Political analyst Ralph Mathekga says the African National Congress  (ANC) has failed to convince South Africans that it is serious about fighting corruption.

ANC secretary-general Ace Magashule appeared before the party’s Integrity Commission at Luthuli House in Johannesburg on Saturday.

He says he volunteered to appear before the commission, however, reports say he was under pressure to do so.

Mathekga says it will be interesting to see what the commission’s recommendations will be.

“In just weeks we will hear, but I will tell you, the integrity commission always functions and business will continue as usual. But it will be interesting to see how the ANC is going to cut this one to do something after failing to do something about it. I just wonder how they are going to crack this one.”

Discussion on Ace Magashule appearance before ANC’s Integrity Commission:

The commission is expected to outline the outcome of the meeting soon. It will also submit its recommendations to the ANC’s National Executive Committee.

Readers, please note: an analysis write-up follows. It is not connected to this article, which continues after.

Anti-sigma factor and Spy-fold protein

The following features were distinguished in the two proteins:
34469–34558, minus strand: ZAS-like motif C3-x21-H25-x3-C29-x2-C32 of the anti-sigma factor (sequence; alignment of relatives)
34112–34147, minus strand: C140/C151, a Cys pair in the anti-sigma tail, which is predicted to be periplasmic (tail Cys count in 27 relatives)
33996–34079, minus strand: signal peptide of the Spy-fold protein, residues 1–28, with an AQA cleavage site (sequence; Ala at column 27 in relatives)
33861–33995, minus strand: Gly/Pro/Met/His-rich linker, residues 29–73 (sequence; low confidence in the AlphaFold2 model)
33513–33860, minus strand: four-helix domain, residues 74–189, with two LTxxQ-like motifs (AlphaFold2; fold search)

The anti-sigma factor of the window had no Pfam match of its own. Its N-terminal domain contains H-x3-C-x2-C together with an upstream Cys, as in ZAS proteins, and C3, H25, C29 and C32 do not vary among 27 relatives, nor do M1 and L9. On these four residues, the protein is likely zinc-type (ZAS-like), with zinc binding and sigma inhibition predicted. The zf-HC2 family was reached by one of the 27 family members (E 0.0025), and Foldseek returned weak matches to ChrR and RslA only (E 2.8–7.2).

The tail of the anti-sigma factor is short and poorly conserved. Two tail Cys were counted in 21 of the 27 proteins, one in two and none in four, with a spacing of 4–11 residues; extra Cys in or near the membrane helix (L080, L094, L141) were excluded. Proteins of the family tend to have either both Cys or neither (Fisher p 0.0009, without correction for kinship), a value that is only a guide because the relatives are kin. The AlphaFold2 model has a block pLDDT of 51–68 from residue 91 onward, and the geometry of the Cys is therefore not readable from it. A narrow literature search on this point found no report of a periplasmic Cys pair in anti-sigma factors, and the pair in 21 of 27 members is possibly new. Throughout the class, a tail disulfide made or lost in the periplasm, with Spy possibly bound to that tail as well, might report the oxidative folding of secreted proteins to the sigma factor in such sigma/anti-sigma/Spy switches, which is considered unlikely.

The Integrity Commission has limited powers and can only make recommendations to the National Executive Committee. Some political analysts say this is problematic.

Magashule is currently facing 21 charges of corruption, fraud and money laundering linked to the time he served as Free State premier. He is currently out on R200 000 bail.

Ace Magashule granted R200 000 bail:

Magashule adamant he will not step aside

On Saturday, Maghashule said he believes he made the right decision to appear before the Integrity Commission. However, he remained adamant that he will not step aside.

Political analyst Mcebisi Ndletyana said nothing tangible is expected to come out of the commission.

“Corruption in the ANC has been institutionalised and a lot of people are implicated. It has been going on for a while. So, even though they might talk of corruption, people are reluctant to act against it because if they do, they’ll also be punished. That’s what you have. Corruption is pretty much paralysing the organisation. I don’t know what the Commission will come up with and in fact, the NEC might not act.”